The numbers and rates differ depending on the study and the part of the country but all of them show that alcohol use, dependence, and addiction rates are high among first responders.
What Causes Alcohol Addiction among First Responders
As mentioned earlier, first responders are especially vulnerable to stress and trauma-related disorders most commonly acute stress disorder or PTSD. Individuals don’t have to be personally injured or threatened to develop these disorders.
They just have to have witnessed or lived through them. With acute stress disorder, individuals display symptoms for about 4 weeks after a traumatic event. Studies found that alcohol use increased approximately 8 days after such incidents and only returned to normal after another 8 months.
PTSD on the other hand is a chronic response to a traumatic event. The symptoms sometimes don’t show up until years after the events. In the case of first responders, traumatic events can have a cumulative effect for years before an individual shows any symptoms of PTSD. Research suggests that an estimated 30% of first responders have PTSD.
What’s worse is that PTSD puts one at high risk for alcohol addiction and having an addiction to alcohol puts one at risk for developing PTSD.
This calls for first responders to be given more education to help curb the high rates of alcohol addiction. Furthermore, easy access to alcohol addiction treatment programs is needed among first responders. For better outcomes and to avoid or minimize relapse, PTSD treatment should be carried out along with addiction treatment. The most effective form of treatment here would be cognitive behavioral therapy (CBT) used together with counseling and other types of therapy.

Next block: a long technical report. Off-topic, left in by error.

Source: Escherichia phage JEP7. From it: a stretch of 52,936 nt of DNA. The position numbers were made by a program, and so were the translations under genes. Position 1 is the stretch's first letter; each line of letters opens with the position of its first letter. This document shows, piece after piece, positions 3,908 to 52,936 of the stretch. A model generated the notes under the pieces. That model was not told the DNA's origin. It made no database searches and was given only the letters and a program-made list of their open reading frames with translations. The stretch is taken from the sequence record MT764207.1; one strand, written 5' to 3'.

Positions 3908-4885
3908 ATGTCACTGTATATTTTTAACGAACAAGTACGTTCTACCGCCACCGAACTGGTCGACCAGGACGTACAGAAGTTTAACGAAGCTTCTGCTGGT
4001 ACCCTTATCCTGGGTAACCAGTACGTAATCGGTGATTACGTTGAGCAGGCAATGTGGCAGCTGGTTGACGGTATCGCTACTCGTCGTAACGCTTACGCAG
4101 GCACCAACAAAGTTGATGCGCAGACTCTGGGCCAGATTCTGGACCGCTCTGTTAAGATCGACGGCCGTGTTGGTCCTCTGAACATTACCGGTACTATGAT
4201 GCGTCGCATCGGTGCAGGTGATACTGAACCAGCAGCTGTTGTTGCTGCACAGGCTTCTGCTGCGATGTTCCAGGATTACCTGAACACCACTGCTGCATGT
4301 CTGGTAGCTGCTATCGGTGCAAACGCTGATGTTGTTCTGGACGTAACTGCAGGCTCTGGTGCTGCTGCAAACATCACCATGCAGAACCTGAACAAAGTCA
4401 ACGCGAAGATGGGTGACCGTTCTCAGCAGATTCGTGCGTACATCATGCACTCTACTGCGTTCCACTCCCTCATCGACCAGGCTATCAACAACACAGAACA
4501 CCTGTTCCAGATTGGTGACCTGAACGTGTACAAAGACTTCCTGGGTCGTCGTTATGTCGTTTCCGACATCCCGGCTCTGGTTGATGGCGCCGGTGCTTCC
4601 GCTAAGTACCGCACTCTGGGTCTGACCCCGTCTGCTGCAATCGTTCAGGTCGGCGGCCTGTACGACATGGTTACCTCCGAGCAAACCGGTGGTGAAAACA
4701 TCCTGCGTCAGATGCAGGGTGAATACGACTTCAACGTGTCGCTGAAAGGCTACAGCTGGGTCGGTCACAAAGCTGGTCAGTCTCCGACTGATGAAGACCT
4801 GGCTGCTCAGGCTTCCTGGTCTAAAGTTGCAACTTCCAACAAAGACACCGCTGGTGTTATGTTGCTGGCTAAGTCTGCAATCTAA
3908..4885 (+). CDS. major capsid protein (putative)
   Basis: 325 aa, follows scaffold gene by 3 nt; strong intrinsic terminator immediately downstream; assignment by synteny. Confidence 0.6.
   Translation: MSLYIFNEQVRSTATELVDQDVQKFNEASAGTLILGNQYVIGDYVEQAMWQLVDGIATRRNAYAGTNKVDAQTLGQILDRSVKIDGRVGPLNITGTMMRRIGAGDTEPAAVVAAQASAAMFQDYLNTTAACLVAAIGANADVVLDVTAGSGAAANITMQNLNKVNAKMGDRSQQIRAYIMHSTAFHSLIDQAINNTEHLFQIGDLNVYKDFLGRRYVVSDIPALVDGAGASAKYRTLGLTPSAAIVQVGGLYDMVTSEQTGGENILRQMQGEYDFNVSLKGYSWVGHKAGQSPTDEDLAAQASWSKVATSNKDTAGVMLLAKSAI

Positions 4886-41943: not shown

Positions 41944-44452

First responders are likely to benefit more from group therapy and social support groups where members of the group are also peers from first response professionals. This allows those in recovery to interact, draw strength and support and learn from peers who share the same experiences and understand what they’re going through. In some cases, it’s also helpful to incorporate forms of experiential therapy e.g. adventure therapy into their treatment plan to give them healthy ways to channel their energy as they recover.
Get Help Today
First responders are a crucial part of our society and these brave men and women put their lives on the line for us every day. They need help and support to overcome any trauma and addiction that they may develop as a result of their jobs.
We at Findlay Recovery Center in Ohio encourage any first responders struggling with trauma or addiction to reach out to us for help. The earlier this is done, the better the recovery outcome will be. We offer a variety of addiction treatment programs for both alcohol and drug addiction on an inpatient and outpatient basis. We also provide individualized treatment plans based on a person’s unique treatment and recovery goals. Contact us today and let us help you find lasting recovery from alcohol or drug addiction.